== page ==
Baron de Montesquieu, fully Charles-Louis de Secondat, Baron de La Brède et de Montesquieu

Baron de
Montesquieu, fully Charles-Louis de Secondat, Baron de La Brède et de Montesquieu
1689
1755

French Philosopher, Political Thinker and Social Commentator

Author Quotes

The culminating point of administration is to know well how much power, great or small, we ought to use in all circumstances.

The less men think, the more they talk.

The Pope will make the king believe that three are only one, that the bread he eats is not bread...and a thousand other things of the same kind.

There are only two cases in which war is just: first, in order to resist the aggression of an enemy, and second, in order to help an ally who has been attacked.

Thus the creation, which seems an arbitrary act, supposes laws as invariable as those of the fatality of the Atheists. It would be absurd to say that the Creator might govern the world without those rules, since without them it could not subsist.

What orators lack in depth they make up for in length.

The culture of lands requires the use of money.

The life of states is like that of men. The latter have the right of killing in self-defense; the former to make wars for their own preservation.

The prejudices of superstition are superior to all others, and have the strongest influence on the human mind.

There are three species of government: republican, monarchical, and despotic.

To become truly great, one has to stand with people, not above them.

What unhappy beings men are! They constantly waver between false hopes and silly fears, and instead of relying on reason they create monsters to frighten themselves with, and phantoms which lead them astray.

The desire for glory is no different from that instinct for preservation that is common to all creatures. It is as if we Enhance our being if we can gain a place in the memory of others; it is a new life That we Acquire, which Becomes as precious to us as the one we received from Heaven.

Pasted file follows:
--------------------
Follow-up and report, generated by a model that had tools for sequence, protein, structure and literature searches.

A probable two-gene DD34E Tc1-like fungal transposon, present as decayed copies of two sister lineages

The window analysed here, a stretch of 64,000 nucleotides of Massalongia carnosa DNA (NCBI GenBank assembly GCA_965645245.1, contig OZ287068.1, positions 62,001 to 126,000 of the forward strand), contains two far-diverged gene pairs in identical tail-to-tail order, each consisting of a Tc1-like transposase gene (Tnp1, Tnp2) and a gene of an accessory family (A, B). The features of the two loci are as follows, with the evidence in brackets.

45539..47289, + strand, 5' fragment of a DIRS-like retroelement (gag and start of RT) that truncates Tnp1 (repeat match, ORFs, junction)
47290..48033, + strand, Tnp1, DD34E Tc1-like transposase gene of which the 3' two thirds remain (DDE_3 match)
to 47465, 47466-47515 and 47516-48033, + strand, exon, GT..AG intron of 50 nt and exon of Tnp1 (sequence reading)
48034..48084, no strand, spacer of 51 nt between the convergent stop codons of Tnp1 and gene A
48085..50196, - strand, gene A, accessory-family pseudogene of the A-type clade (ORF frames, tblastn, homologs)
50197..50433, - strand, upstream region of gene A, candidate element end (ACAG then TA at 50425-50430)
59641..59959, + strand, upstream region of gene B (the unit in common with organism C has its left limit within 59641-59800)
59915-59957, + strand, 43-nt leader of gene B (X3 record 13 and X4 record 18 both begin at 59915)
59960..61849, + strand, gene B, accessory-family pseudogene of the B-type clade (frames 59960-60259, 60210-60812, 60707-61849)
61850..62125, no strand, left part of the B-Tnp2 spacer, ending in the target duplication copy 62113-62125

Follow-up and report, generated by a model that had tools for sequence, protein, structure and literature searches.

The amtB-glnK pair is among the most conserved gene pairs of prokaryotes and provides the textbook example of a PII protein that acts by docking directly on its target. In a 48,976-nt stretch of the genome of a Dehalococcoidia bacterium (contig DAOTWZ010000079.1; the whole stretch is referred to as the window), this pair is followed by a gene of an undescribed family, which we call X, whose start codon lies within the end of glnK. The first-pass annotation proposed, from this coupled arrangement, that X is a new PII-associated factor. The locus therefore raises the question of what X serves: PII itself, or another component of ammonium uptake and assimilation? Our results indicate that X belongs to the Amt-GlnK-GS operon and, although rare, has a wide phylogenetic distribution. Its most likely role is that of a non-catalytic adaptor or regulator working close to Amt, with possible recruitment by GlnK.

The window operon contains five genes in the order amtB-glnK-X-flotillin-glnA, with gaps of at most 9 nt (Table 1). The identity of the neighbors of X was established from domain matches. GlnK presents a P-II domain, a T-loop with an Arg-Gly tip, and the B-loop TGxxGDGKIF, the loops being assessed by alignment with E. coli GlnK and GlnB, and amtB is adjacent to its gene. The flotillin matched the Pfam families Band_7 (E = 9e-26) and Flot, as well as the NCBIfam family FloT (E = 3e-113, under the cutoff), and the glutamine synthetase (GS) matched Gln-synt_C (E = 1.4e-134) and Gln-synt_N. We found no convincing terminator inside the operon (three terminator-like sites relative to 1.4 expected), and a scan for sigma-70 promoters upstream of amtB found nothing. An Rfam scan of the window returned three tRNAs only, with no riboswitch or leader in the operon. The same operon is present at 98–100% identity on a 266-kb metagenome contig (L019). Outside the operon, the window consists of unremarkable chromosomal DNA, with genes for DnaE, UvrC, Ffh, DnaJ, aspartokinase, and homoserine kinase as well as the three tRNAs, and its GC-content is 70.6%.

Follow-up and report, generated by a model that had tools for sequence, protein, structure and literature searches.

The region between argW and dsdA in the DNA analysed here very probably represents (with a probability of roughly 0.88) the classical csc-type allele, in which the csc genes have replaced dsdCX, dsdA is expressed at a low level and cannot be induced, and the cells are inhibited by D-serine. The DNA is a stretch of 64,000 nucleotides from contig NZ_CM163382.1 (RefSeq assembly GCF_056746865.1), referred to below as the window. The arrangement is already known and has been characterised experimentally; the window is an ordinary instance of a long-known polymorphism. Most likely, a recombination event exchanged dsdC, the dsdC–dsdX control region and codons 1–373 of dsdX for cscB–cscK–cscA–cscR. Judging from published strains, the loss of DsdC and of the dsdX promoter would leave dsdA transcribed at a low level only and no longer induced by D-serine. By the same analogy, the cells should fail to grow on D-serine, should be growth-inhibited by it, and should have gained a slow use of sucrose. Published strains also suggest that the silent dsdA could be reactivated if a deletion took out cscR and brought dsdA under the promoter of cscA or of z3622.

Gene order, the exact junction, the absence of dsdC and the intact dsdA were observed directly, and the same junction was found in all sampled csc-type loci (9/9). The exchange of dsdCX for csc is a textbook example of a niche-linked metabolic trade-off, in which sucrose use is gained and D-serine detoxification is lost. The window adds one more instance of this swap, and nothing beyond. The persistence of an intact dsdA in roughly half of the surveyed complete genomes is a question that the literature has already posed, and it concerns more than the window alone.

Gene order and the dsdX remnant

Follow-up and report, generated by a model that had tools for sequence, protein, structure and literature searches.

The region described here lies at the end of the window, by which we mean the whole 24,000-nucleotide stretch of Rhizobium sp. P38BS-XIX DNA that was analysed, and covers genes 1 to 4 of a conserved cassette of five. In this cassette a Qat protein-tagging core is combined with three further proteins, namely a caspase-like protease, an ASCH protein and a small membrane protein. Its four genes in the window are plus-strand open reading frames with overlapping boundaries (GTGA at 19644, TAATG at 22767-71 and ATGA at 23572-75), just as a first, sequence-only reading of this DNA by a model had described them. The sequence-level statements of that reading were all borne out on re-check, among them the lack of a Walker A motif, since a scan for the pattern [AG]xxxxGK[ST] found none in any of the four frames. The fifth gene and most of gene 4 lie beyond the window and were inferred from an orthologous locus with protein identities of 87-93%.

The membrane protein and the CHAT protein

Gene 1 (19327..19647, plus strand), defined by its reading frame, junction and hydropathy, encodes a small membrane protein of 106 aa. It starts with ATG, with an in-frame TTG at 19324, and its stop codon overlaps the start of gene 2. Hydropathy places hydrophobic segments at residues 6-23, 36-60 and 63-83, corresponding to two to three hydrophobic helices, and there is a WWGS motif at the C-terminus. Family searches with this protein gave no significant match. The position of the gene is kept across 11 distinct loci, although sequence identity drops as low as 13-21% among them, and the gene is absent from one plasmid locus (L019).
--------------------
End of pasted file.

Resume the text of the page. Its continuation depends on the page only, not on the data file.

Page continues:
The love of country produces good manners; and good manners, love of country. - The less we satisfy our individual passions, the more we leave to our general.

The public business must be carried on with a certain motion, neither too quick nor too slow.

There is as yet no liberty if the power of judging be not separated from legislative power and the executrix.

To love to read is to exchange hours of ennui against delightful hours.

When a government is arrived to that degree of corruption as to be incapable of reforming itself, it would not lose much by being new molded.

The deterioration of a government begins almost always by the decay of its principles.

The love of reading enables a man to exchange the wearisome hours of life which come to every one for hours of delight.

The public revenues are a portion that each subject gives of his property, in order to secure or enjoy the remainder.

There is no great share of probity necessary to support a monarchical or despotic government. The force of laws in one, and the prince's arm in the other, are sufficient to direct and maintain the whole. But in a popular state, one spring more is necessary, namely, virtue.

To love to read is to exchange hours of ennui for hours of delight.

When God endowed human beings with brains, He did not intend to guarantee them.

The deterioration of every government begins with the decay of the principles on which it was founded.

Author Picture
First Name
Baron de
Last Name
Montesquieu, fully Charles-Louis de Secondat, Baron de La Brède et de Montesquieu
Birth Date
1689
Death Date
1755
Bio

French Philosopher, Political Thinker and Social Commentator